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Shangri La Botanical Gardens and Nature Center

Pond of the Blue Moon, Shangri La, Orange, Texas

Shangri La Botanical Gardens and Nature Center

The history of Shangri La began with H.J. Lutcher Stark, a prominent philanthropist who resided in Orange, Texas. Inspired by the mystical retreat represented in the 1933 novel Lost Horizon by James Hilton, Stark sought to create his own haven of indescribable beauty where time would stand still. His vision became a reality in 1937 when he began creating Shangri-La Botanical Gardens within significant acreage owned by him along Adams Bayou in his hometown of Orange, Texas.

Nine years of planning and construction followed, with Stark overseeing every detail. The gardens included a Cypress-Tupelo swamp, camellias, and breathtaking azaleas, Stark’s personal favorite. There was also no shortage of wildlife, with swans, ducks, egrets, otters, rabbits, and more.

In 1946, H.J. Lutcher Stark opened his private oasis to the public. Word of its beauty spread throughout the country, and by 1950 thousands of visitors travelled to Orange to experience Shangri-La’s wonder during the few weeks the azaleas were blooming each spring. The secluded utopia quickly became a popular destination for locals and tourists alike.

Unfortunately, in 1958, disaster struck Lutcher Stark’s perfect paradise. A major snowstorm invaded Southeast Texas and gripped its icy fingers around Shangri-La. The majority of the plants, among them Stark’s beloved azaleas, were destroyed in the freeze. With a heavy heart, Lutcher Stark closed Shangri-La to the public, and it would remain that way for nearly 50 years.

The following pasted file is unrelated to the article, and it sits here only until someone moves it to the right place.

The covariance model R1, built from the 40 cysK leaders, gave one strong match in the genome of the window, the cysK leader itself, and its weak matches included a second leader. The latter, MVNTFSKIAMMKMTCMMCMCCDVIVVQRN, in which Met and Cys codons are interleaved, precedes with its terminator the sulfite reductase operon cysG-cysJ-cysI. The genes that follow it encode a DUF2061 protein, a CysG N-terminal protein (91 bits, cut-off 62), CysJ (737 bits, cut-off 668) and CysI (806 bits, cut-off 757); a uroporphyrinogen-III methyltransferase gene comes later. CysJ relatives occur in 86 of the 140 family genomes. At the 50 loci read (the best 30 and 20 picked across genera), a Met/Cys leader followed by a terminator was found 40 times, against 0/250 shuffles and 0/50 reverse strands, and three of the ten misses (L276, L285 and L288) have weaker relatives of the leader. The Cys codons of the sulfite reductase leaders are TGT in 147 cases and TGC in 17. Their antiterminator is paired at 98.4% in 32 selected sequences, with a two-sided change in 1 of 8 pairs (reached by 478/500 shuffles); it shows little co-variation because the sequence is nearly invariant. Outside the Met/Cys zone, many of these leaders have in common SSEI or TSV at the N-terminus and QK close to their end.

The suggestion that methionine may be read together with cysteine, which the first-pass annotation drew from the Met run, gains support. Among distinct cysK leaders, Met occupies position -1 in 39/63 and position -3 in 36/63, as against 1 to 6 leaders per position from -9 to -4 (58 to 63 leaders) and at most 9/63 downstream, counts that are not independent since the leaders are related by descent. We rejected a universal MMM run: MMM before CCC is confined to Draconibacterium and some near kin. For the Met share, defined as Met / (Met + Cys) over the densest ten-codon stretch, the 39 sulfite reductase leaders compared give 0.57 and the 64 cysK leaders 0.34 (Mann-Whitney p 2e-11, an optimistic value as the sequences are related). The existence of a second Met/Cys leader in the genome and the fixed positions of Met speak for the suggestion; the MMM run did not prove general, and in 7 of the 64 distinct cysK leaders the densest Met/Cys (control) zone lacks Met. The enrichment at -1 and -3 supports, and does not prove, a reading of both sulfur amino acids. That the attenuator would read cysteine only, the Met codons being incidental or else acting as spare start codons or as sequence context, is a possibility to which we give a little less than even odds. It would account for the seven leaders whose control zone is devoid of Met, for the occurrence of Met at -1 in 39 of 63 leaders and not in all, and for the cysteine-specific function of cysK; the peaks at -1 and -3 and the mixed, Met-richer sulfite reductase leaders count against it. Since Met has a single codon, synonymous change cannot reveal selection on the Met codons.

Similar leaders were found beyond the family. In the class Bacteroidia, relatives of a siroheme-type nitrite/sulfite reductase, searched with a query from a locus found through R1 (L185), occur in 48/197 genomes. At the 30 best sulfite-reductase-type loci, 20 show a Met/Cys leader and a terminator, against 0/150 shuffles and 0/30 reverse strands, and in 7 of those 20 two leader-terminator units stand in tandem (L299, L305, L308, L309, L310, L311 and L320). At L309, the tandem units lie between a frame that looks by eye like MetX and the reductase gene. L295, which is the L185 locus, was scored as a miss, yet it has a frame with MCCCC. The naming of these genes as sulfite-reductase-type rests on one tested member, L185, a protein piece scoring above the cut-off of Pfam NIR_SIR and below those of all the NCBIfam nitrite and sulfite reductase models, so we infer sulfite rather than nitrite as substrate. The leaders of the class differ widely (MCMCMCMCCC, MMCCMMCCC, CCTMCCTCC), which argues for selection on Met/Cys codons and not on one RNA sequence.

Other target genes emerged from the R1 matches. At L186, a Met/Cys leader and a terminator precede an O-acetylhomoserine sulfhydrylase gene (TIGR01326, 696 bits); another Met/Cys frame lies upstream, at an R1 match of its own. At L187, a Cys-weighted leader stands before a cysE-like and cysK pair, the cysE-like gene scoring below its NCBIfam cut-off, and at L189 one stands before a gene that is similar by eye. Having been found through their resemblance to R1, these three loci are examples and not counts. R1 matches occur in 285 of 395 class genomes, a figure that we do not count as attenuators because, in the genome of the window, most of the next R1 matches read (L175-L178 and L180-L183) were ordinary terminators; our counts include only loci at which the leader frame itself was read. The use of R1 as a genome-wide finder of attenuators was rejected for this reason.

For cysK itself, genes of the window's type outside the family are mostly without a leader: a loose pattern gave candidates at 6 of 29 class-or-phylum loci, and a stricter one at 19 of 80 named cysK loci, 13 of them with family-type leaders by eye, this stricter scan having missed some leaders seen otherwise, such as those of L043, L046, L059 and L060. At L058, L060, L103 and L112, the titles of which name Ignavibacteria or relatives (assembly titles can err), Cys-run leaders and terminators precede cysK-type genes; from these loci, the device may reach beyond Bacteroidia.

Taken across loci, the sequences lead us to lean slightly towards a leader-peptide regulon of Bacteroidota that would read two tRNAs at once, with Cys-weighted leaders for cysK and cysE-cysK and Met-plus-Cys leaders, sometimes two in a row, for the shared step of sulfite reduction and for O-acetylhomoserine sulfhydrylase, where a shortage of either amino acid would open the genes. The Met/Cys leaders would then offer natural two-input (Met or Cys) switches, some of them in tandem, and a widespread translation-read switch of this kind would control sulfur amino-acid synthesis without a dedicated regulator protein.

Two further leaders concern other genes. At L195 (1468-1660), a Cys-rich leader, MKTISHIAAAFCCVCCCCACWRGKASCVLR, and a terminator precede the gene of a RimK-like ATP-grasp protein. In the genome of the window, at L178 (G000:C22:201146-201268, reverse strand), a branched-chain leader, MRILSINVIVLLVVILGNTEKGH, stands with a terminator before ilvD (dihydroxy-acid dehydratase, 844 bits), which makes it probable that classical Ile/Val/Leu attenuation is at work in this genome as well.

Today, Shangri La Botanical Gardens and Nature Center is a program of the Nelda C. and H.J. Lutcher Stark Foundation, a private foundation whose mission is to improve and enrich the quality of life in Southeast Texas and encourage and assist education. The unique ecosystem of Shangri La presents an ideal opportunity to further that mission as well as carry on the vision of H.J Lutcher Stark, the man who originally developed it more than 60 years ago.

The formal Botanical Gardens contain more than 300 plant species in five formal "rooms” as well as four sculpture “rooms.” Adjacent to the Botanical Gardens is a bird blind which allows visitors to observe nesting birds in Shangri La’s heronry.